"Yes, and I still think Ronald Colman is out there searching for Shangri-La. I'll never forget those scenes where Chang and his men came down through the blizzard and rescued the people from the crashed airplane and guided them along those incredible Tibetan gorges. I imagine you didn't go to Tibet to shoot those scenes. "

"Oh, no!"

"What part of the rockies did you go to?" "We didn't go quite that far!"

"But, Mr. Capra, those scenes. Where ... ?"

"We rented an ice plant in downtown Los Angeles and shot them all there."

"A big ice plant?" I asked.

"About fifty feet wide and a hundred feet long. Not so big, but it's amazing what you can do in that space. We built the wrecked plane. I brought in great slabs of wood and built ledges out of hard rubber to act as cliffs so that the cast could cross along them. We had big propellers brought in. It really was something, wasn't it?"

It was David Niven who told me something that almost totally disillusioned me. I told him that I loved Wuthering Heights, and because of that film and Cathy and Heathcliff running over the moors, my wife and I were motivated into going to England many years later. He laughed and said those moor scenes where Cathy and Heathcliff roamed were made on Joel McCrea's ranch in Northern California.

One of my favourite shots in Shane is Jack Palance getting off a horse. He gets off his horse in a way that looks wierdly tense and strange. I asked William Hornbeck, the editor, about that, He told me that when George Stevens was editing that scene he couldn't find a good shot of Jack dismounting. And then he happened to roll in reverse some footage of Jack mounting a horse. That was it! That was the shot that went in.

Now for a quick London digression. Over there I met Jean Kent, Phyllis Calvert, Ann Todd, Anna Neagle and Margaret Lockwood. Fell in love with them all. What ladies!

Margaret Lockwood told me this story about Hitchcock. He had a strange habit when having tea every morning in the studio during the making of The Lady Vanishes. When he finished his tea he would throw the cup and saucer over his shoulder. They would land on the floor in the studio and break.

She also told me another very funny story about Hitchcock. He had an argument with one of his electricians about a number seven bus in London going down a certain street on Sunday mornings. The electrician argued that the bus did not run there on Sundays and Hitchcock said it did. Alfred Hitchcock had memorized every bus schedule in London. He knew every timetable of every ship and train in the world. He was a fanatic about timetables and he put this precision into his pictures. So to settle the argument with the electrician Hitchcock bet him ten pounds that if he came out of his house on Sunday at ten o'clock in the morning the bus would be there. The electrician was certain he would win the ten pounds. He got up on Sunday and the bus was there, all right. Hitchcock had hired the bus ... bribed the driver.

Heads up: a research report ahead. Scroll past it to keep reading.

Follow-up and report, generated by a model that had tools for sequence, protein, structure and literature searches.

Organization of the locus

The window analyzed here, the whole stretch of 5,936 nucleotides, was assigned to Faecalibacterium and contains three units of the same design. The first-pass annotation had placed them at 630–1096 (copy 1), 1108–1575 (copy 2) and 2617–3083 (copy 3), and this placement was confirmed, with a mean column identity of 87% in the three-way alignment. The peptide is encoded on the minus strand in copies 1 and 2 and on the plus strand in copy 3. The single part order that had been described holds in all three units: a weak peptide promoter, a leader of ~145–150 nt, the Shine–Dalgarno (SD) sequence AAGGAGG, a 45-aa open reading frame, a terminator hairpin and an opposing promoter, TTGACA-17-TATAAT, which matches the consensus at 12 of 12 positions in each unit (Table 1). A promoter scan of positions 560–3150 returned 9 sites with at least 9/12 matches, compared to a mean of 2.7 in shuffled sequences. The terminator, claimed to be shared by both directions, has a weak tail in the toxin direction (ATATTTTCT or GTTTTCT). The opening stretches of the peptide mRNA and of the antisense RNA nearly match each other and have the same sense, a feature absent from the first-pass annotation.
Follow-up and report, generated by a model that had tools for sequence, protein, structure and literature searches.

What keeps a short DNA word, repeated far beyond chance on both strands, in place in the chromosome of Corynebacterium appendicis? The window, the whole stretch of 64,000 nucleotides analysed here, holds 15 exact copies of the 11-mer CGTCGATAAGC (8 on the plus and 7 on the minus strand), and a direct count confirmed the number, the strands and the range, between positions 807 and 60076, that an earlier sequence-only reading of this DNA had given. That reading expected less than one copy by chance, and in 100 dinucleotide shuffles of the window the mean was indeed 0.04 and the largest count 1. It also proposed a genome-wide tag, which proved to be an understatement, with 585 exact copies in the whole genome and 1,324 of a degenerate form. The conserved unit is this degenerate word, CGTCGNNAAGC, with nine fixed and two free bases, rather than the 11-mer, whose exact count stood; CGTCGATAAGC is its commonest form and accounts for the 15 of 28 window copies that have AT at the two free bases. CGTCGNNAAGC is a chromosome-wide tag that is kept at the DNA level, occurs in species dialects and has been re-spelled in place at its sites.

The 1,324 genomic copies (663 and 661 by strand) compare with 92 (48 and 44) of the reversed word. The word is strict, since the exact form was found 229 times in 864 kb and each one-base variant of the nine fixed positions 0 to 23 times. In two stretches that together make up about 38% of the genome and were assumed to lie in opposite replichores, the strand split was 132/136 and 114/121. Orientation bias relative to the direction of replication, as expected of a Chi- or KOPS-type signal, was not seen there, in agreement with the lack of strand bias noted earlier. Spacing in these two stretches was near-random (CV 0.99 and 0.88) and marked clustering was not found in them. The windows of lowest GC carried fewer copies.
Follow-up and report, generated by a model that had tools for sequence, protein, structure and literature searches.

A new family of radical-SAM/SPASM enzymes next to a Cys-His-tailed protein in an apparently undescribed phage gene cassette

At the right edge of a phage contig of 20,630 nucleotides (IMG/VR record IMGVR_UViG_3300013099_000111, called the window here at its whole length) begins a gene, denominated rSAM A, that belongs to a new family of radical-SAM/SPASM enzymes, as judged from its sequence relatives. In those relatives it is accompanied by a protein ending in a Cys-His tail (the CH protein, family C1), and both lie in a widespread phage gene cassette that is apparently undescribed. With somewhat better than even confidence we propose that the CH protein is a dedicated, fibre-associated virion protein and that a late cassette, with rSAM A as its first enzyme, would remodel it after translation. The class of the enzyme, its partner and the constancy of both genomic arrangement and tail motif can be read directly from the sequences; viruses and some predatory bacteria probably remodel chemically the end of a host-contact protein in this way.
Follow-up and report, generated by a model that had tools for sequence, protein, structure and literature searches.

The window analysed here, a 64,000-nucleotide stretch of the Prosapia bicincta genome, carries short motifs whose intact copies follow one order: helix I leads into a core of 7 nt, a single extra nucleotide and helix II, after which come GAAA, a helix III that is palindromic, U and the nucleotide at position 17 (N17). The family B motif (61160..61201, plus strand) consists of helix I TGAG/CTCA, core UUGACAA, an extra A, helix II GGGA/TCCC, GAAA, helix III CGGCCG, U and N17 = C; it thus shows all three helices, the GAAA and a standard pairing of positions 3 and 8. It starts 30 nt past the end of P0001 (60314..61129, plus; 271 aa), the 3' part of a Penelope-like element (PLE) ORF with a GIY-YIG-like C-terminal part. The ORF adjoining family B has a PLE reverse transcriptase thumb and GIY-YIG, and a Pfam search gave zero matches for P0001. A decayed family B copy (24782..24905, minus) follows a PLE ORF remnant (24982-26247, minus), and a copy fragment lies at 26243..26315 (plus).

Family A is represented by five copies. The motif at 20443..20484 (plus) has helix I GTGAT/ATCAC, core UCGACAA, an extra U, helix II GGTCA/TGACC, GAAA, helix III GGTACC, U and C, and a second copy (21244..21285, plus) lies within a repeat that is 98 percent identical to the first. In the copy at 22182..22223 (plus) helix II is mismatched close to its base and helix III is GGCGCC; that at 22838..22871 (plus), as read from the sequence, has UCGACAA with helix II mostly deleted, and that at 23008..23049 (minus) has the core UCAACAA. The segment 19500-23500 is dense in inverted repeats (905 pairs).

Hal Roach told me that Laurel and Hardy worked for ten years in separate movies. One day he had them in on some wage negotiation. When they left he watched them walking away together. Wouldn't it be funny if I put them in the same picture, he thought? And that was how Laurel and Hardy were born.

"Which one was the genius?" I asked. "Stan, the thin one."

"What about Hardy, the fat one?" "His genius was never arguing with Stan. He just listened, never argued and went along with him. The two of them were very different types, you know. They never saw each other after work. The only time they were together was on the set."

I cornered production manager Raymond Clune and asked him when he worked with Selznick on Gone With the Wind what it was like to burn Atlanta. He told me it was a great fire. That was the night Selznick found Scarlett O'Hara in Vivien Leigh.

"What did you burn?" I asked.

"Knowing you, you won't like this. We didn't have very much wood around the studio so we dragged out the set of The Garden of Allah, the whole monastery, and we burned it."

"But," I said, "there must have been some other wood that you used."

"Yes, and I am sorry to tell you this, old chap. The gates of King Kong went up too."

Vincent Minelli told me that to get Margaret O'Brien to do those big scenes where she cried because her mother was dying, he would literally tell her that something terrible had happened to her dog. He said he had to get those tears and Margaret really cried when she heard something awful happened to her dog.

Richard Donner told me that to get Brando for Superman was something he would never want to go through again. It took him four months to even see him. Then he and his lawyer were taken up by car to a big estate with great gates somewhere in the Hollywood Hills. There were even Russian wolfhounds that had to be taken away by gamekeepers. They were escorted into the house. Nobody was there. There were signs on the wall that said "no smoking" and "no drinking." Half an hour later a very large man in a kimona came along and gave them flowers from the south Pacific. It was Brando. After listening to them for an hour he said, "I'll do the part, but I'll only appear in a green suitcase."